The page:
Imagine pulling up an application on your smart phone and tablet and assembling the features and options you want in a new car then sending off your order for delivery. It’s like a large scale pizza order, customized to your preferences. It’s a fantasy that may not be too far in the future, as automakers examine the ways that digitalisation can be incorporated within traditional automobile assembly. German automation specialist Siemens is already at work in the Indian market, developing technologies and applications that will permit a high degree of customization in the car ordering and manufacturing system.
The Digitalised Assembly Line
Automation has been a growing factor in automobile manufacturing since Henry Ford perfected the assembly line process necessary to propel cars like the Model T into prominence and popularity. At that time, his cars were only available in black because that was the only paint that would dry fast enough for use on automated assembly lines.
Today, digitalisation represents a step beyond automation. Previously, the manufacturing process had contained sub-sections. Designers created the look and feel of vehicles. Engineers created the mechanical, hydraulic and electrical systems needed for the cars to work. Production took design and engineering and built the vehicles. Sales was predominately done after the fact. Dealers sold the cars that were already made. Those discrete sections of data flow are no longer contained in the digitalised system.
The Advantages of Integrating Digitalisation
This incorporation of shared data through all points of the manufacturing process is called Industry 4.0. In essence, it’s the fourth level of industrial revolution. Basic mechanization started the process, and mass production created the second level. Computer automation and robots were the third level and, now, “smart” automation further evolves the industrial process, potentially refining every step in the consumer cycle.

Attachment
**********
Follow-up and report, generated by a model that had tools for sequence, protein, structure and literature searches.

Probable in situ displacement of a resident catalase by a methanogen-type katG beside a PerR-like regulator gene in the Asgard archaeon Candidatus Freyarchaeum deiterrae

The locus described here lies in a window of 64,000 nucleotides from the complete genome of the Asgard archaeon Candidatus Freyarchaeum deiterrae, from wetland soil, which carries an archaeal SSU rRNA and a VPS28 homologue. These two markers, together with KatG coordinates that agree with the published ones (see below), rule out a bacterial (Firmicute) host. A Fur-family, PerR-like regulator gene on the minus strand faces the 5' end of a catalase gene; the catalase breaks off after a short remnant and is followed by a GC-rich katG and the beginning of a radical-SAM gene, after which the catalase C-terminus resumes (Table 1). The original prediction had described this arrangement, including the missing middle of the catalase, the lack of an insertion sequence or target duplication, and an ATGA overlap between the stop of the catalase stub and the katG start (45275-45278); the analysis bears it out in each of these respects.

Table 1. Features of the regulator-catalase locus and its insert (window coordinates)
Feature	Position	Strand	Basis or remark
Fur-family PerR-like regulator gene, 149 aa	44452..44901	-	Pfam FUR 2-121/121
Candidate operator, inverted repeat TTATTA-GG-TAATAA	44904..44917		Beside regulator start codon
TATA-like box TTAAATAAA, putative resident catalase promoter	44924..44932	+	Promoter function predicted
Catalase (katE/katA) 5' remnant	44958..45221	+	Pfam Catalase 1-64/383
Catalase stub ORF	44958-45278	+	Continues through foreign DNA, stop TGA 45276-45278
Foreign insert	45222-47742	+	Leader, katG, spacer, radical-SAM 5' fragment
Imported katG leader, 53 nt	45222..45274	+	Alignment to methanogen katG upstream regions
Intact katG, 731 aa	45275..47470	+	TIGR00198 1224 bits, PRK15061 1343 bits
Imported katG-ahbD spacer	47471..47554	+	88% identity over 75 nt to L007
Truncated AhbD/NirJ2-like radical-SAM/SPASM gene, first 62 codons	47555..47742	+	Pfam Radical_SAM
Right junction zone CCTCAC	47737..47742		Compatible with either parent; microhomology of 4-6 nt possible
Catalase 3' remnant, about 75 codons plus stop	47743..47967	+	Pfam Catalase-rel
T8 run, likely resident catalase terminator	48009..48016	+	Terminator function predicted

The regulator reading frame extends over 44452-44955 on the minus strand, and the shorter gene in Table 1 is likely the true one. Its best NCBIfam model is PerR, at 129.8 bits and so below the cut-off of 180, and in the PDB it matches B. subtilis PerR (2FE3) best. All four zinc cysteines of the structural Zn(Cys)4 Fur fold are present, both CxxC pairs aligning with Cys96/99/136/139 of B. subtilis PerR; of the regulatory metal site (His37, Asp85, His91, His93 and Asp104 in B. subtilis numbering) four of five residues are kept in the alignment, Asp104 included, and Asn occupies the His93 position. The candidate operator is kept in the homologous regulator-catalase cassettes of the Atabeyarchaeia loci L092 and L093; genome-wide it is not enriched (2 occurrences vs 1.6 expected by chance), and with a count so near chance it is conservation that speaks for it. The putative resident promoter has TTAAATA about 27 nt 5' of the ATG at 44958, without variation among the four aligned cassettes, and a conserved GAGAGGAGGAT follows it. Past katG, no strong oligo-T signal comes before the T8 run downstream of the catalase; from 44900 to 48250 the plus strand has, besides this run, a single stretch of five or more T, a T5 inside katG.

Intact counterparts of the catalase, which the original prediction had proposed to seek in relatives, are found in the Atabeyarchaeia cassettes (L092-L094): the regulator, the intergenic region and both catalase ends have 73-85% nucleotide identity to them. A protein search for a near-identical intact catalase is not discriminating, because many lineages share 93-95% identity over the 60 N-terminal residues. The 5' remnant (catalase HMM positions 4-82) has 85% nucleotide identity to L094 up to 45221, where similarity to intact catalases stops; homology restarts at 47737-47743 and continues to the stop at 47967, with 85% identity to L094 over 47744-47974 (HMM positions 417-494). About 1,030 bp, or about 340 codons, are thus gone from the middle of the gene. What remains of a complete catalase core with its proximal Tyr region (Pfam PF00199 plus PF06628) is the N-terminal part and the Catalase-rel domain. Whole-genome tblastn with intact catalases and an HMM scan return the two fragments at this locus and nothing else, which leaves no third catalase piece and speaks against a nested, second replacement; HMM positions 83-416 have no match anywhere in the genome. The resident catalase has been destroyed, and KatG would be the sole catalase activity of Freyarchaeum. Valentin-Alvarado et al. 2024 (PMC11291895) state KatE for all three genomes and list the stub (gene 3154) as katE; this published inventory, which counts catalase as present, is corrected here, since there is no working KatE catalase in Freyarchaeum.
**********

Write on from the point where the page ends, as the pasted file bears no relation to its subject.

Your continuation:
For example, the concept of supply and demand suggests that the most efficient and profitable condition is when supply perfectly matches demand. Errors of forecasting by manufacturers cause losses when the consumer market is either under or over supplied. Under traditional processes, consumer demand for a particular car model is predicted and manufacturing is set up to supply that prediction. If demand exceeds prediction, then sales could be lost as consumers make other choices when that model is unavailable. When demand falls short of prediction, the manufacturer has excess stock that must be scrapped or sold at a loss.
The digitalised process potentially connects the sale with the assembly line. When a customer chooses a particular vehicle with a set of options, colours and upgrades, that data is now sent through the chain in real time, vertically and horizontally integrated through the car manufacturing process. Design and engineering information is accessed and implemented on the assembly line to create that vehicle almost instantaneously for the customer.
This of course requires flexible automation, changes to the supply chain and many more details that manufacturer must master. However, the end result for the consumer may well be a process resembling that custom pizza order, delivering exactly what the customer wants, rather than buying what the manufacturer made. While delivery may not be in thirty minutes or less, the future is moving faster and more efficiently.